Michelle Grattan, University of Canberra
Tony Abbott has called for Australia to pull out of the Paris climate agreement, in a swingeing attack on Malcolm Turnbull’s National Energy Guarantee.
Abbott said the NEG was not about reducing prices but about cutting emissions. “The only certainty that the National Energy Guarantee as it stands would provide is the certainty of emissions reduction.”
Delivering the Bob Carter Commemorative Lecture in Melbourne, Abbott said: “Withdrawing from the Paris agreement that is driving the National Energy Guarantee would be the best way to keep prices down and employment up – and to save our party from a political legacy that could haunt us for the next decade at least”.
“As long as we remain in the Paris agreement – which is about reducing emissions, not building prosperity – all policy touching on emissions will be about their reduction, not our well-being. It’s the emissions obsession that’s at the heart of our power crisis and it’s this that has to end for our problems to ease.”
Abbott played down the importance of the government’s much-vaunted tax cuts in comparison with the implications of energy policy.
“These are strange times in Canberra when there’s a hullaballoo over modest tax cuts that only take effect fully in six or seven years’ time, while mandatory emissions cuts that start sooner, that mean more for the economy, and whose ramifications will be virtually impossible to reverse are expected more or less to be waved through”.
In the party room last week Abbott had little support for his attack on the NEG. But his constant agitation is unhelpful for the government as it tries to win backing from the states and territories for the scheme. It also reinforces the impression of division in government ranks, even though the majority of the backbenchers now just want the energy policy settled.
Abbott said that his government in 2015 had set a 2030 emissions reduction target “on the basis that this was more or less what could be achieved without new government programs and without new costs on the economy.
‘’There was no advice then to the effect that it would take a Clean Energy Target or a National Energy Guarantee to get there,” he said.
“My government never put emissions reduction ahead of the wellbeing of families and the prosperity of industries”.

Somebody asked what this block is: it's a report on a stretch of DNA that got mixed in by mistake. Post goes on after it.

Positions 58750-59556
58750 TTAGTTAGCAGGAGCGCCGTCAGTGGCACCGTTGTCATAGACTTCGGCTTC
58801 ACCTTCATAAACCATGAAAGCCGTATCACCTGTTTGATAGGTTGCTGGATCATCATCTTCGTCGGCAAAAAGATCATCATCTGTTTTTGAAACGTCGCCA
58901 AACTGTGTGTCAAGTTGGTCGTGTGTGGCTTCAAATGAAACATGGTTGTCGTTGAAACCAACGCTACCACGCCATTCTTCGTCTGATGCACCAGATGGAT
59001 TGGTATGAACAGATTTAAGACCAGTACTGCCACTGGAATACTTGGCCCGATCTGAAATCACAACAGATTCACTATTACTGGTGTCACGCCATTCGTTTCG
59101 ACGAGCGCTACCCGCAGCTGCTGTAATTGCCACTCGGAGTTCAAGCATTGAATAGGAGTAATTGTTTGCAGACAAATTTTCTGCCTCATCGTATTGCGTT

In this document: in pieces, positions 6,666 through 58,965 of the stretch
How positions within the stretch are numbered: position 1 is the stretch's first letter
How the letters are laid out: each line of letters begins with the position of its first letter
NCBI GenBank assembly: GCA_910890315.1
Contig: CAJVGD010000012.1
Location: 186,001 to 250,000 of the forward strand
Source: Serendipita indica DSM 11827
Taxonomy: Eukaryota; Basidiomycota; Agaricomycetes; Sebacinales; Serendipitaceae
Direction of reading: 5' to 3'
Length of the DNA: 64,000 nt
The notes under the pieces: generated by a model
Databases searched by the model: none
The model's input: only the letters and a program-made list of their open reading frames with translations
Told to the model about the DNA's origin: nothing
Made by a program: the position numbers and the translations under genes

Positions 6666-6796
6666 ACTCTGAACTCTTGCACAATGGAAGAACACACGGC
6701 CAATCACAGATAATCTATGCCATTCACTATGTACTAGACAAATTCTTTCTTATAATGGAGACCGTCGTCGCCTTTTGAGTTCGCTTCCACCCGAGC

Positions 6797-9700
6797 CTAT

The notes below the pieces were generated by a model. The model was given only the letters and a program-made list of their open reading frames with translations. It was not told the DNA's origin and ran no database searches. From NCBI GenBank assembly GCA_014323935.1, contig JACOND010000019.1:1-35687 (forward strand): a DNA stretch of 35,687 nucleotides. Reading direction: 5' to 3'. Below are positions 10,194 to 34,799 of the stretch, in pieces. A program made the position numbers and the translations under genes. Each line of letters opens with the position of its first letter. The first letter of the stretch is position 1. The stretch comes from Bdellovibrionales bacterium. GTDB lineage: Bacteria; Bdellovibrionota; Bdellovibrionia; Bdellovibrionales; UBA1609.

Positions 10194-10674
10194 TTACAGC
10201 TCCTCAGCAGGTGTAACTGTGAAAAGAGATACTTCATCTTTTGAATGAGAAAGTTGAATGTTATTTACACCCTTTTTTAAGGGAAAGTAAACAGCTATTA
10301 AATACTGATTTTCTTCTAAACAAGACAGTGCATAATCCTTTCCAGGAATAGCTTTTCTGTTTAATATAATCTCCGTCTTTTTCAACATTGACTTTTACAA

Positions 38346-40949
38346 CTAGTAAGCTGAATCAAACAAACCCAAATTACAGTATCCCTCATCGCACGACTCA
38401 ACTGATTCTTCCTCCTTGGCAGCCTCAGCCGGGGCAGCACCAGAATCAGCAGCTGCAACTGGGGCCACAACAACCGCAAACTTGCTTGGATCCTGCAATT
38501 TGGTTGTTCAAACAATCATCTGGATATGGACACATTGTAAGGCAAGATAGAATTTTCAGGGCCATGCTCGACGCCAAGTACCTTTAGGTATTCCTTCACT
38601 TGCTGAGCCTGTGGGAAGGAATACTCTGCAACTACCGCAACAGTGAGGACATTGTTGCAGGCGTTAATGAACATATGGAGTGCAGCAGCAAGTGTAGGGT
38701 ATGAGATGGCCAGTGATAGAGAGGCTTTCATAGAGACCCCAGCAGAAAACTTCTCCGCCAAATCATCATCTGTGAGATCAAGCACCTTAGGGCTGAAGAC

When the world’s leading country exited the Paris agreement “it can hardly be business as usual,” he said. “Absent America, my government would not have signed up to the Paris treaty, certainly not with the current target”.
Abbott said he could understand “the government would like to crack the so-called trilemma of keeping the lights on, getting power prices down and reducing emissions in line with our Paris targets – it’s just that there’s no plausible evidence all three can be done at the same time”.
“If you read the National Energy Guarantee documentation, there’s a few lines about lower prices, a few pages about maintaining supply, and page after impenetrable page about reducing emissions.
’‘The government is kidding us when it says it’s all about reducing prices when there ’s an emissions reduction target plus a reliability target but no price target”.
The government said it wanted to give certainty but the only certainty was that any NEG approved by state ALP governments at COAG would be “massively ramped up to deliver even more emissions reduction under the next Labor government”.
Abbott repeated his call for the government to subsidise the boosting of baseload power. He again suggested threatening to compulsorily acquire Liddell coal-fired power station, which AGL is refusing either to keep going or to sell.
Michelle Grattan, Professorial Fellow, University of Canberra
This article was originally published on The Conversation. Read the original article.